Mapped Out


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Recently, I needed to find a house to rent for my folks. I started out with the usual sources—craigslist, the local newspapers’ classified ads, a local rental agency, my network of friends, and so on. I was somewhat daunted by my success … at first glance. I found at least 50 houses that might be appropriate for my parents. Yet, while the descriptions sounded all right, what I really needed was the ability to check out each house before going over and actually, you know, walking around in it.

So I decided to see what I could do online ahead of time. Using the Street View in Google Maps, I could virtually cruise the neighborhood: I could drive up and down the street, look at the neighboring houses, and get a sense of whether this was a place for my parents or one that was better suited for students or folks who keep their cars up on blocks. Then I headed over to the county property records to find out how old each house was, how many rooms it had, how much of the house is on the main level, how much the house is assessed for, how long the owner has had the house, and so on. And then a quick check at Zillow.com got me an (admittedly flawed) estimate of the value of the house, which helped me figure out if the rental price was reasonable.

What my digital house hunting gave was a new take on the whole idea of merging the real with the virtual when I was following one of my nonwork passions, Disneyland. (I know … grow up!) Head over to Google Maps and search for "Disneyland, Anaheim, Ca." Sadly, the Street View stops at the park entrance, so you can’t virtually cruise down Main Street or gaze longingly at the exterior of the Haunted Mansion. However, if you click on the little balloon on the map, you’ll see information such as hours of operation, links to Disneyland webpages, photos of Disneyland attractions, and hundreds of user reviews. In essence, we now have the ability to annotate the real world with our virtual notes, comments, and photos, and we can preview what a particular part of the real world will look like by viewing photos that people have tagged to a specific longitude and latitude.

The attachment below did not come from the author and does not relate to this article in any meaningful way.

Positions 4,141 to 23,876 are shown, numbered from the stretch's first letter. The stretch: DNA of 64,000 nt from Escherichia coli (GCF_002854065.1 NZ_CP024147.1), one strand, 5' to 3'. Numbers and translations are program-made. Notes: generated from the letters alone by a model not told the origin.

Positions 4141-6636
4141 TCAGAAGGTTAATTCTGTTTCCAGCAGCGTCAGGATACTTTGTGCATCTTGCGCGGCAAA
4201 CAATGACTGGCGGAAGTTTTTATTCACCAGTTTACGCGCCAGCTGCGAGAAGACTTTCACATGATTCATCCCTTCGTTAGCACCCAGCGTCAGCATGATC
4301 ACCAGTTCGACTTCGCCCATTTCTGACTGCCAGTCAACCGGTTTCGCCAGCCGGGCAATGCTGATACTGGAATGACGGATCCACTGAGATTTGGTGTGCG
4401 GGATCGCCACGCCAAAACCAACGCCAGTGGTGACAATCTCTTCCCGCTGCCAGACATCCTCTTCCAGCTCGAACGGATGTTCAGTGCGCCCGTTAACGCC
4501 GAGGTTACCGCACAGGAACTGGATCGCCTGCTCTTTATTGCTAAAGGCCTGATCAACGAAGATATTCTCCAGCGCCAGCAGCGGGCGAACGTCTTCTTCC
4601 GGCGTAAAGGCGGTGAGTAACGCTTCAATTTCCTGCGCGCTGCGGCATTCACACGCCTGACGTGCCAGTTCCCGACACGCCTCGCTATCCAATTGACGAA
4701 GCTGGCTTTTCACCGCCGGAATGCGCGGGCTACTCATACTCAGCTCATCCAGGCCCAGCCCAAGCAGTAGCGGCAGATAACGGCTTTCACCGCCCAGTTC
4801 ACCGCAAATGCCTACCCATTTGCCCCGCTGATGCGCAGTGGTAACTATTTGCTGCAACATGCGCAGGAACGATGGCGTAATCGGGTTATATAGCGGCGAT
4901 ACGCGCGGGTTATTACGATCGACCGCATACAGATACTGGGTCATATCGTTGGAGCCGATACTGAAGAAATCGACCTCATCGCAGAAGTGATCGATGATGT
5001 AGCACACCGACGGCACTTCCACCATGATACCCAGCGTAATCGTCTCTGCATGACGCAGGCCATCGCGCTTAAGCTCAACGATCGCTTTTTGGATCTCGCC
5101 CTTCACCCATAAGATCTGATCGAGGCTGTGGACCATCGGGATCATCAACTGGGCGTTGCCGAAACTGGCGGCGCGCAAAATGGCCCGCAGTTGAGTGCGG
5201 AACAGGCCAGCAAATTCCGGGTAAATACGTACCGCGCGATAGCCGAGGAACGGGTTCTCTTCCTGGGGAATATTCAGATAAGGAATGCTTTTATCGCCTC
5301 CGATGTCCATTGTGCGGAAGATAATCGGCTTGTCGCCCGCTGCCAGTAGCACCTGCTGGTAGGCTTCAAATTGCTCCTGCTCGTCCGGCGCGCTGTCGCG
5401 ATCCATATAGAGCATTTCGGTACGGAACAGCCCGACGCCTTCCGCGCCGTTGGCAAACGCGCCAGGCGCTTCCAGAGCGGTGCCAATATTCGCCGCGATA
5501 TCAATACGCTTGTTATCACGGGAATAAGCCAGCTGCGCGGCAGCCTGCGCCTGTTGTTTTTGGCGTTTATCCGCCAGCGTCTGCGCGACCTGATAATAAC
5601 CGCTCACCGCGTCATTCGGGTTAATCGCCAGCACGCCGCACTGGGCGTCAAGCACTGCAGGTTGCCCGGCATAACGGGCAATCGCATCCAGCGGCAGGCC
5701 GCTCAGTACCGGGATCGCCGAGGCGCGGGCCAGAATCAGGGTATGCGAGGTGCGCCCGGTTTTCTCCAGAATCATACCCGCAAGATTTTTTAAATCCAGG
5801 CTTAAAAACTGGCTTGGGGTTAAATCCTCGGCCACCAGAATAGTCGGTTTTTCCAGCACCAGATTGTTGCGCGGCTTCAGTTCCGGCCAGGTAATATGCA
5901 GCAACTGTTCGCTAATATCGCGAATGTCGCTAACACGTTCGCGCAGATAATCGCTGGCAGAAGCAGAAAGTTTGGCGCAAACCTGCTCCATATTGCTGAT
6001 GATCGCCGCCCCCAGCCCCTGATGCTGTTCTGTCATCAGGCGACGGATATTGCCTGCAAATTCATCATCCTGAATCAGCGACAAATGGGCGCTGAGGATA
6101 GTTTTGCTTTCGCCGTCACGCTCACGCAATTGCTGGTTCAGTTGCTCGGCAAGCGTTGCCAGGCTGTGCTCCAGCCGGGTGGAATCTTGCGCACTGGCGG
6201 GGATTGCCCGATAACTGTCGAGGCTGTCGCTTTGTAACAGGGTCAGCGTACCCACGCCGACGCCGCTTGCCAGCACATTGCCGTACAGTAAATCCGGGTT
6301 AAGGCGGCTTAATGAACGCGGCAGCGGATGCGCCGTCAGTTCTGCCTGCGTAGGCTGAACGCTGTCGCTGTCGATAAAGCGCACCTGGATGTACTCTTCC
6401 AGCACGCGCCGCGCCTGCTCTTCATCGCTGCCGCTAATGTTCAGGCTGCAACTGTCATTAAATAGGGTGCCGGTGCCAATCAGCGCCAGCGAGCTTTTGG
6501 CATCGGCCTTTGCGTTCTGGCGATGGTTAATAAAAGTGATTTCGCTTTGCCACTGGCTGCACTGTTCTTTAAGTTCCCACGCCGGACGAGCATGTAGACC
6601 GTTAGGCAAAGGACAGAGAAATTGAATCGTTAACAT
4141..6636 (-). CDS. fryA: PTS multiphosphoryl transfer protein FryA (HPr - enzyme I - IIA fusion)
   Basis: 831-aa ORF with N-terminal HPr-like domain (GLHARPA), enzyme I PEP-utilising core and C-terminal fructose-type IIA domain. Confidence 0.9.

Of course, Google Maps isn’t the only company that overlays the virtual world on the physical. Geotagging has been around for at least 4 or 5 years; YellowArrow.net was one of the first sites to allow users to annotate their world. With Yellow Arrow, you stick a yellow arrow with a six-character code to anything of interest. A passerby sees the arrow, texts that code to the phone number on the yellow arrow, and receives a text message on his or her cell phone with what you’ve written about that location. Imagine walking down the street in an unfamiliar city, seeing an arrow, and learning that you are standing in front of the "Brisbane [Australia] Customs House—once the hub of a port that existed in the middle of the city." It’s kind of like having an invisible tour guide nearby.

What is most striking to me about this meshing of the virtual world and meatspace is that everyone is learning that they can contribute content to the infosphere. And we info pros have another challenge in front of us: How to incorporate the valuable user content available on the web and ensure that the information we provide to clients is reliable and at least somewhat authoritative. For example, newspapers are including readers’ photos, videos, and stories on their websites. And how do we handle reporters’ blogs? Sometimes they include spot-on coverage of a breaking event, and sometimes they are more like a place for personal musings and less-objective writing. Should we pass that information along to our clients with our other research? What about allowing user tagging of library catalogs and other internal content? While Wikipedia is one of the top destinations on the web, how much should we rely on it? And how much should we contribute to it?

For that matter, value-added online vendors are struggling to figure out what user-generated content we subscribers will value enough to want comingled with their other content. Do we want to see links to Wikipedia or HowStuffWorks.com in our search results? What about blogs that are covering a late-breaking event? Should we expect to rely more on resources, such as ZoomInfo, that scrape the web for content and automatically compile the results in a report? I find that I am doing a lot more summarizing of user-generated content for my clients; info pros can embrace Web 2.0 content and show that they offer added value to it.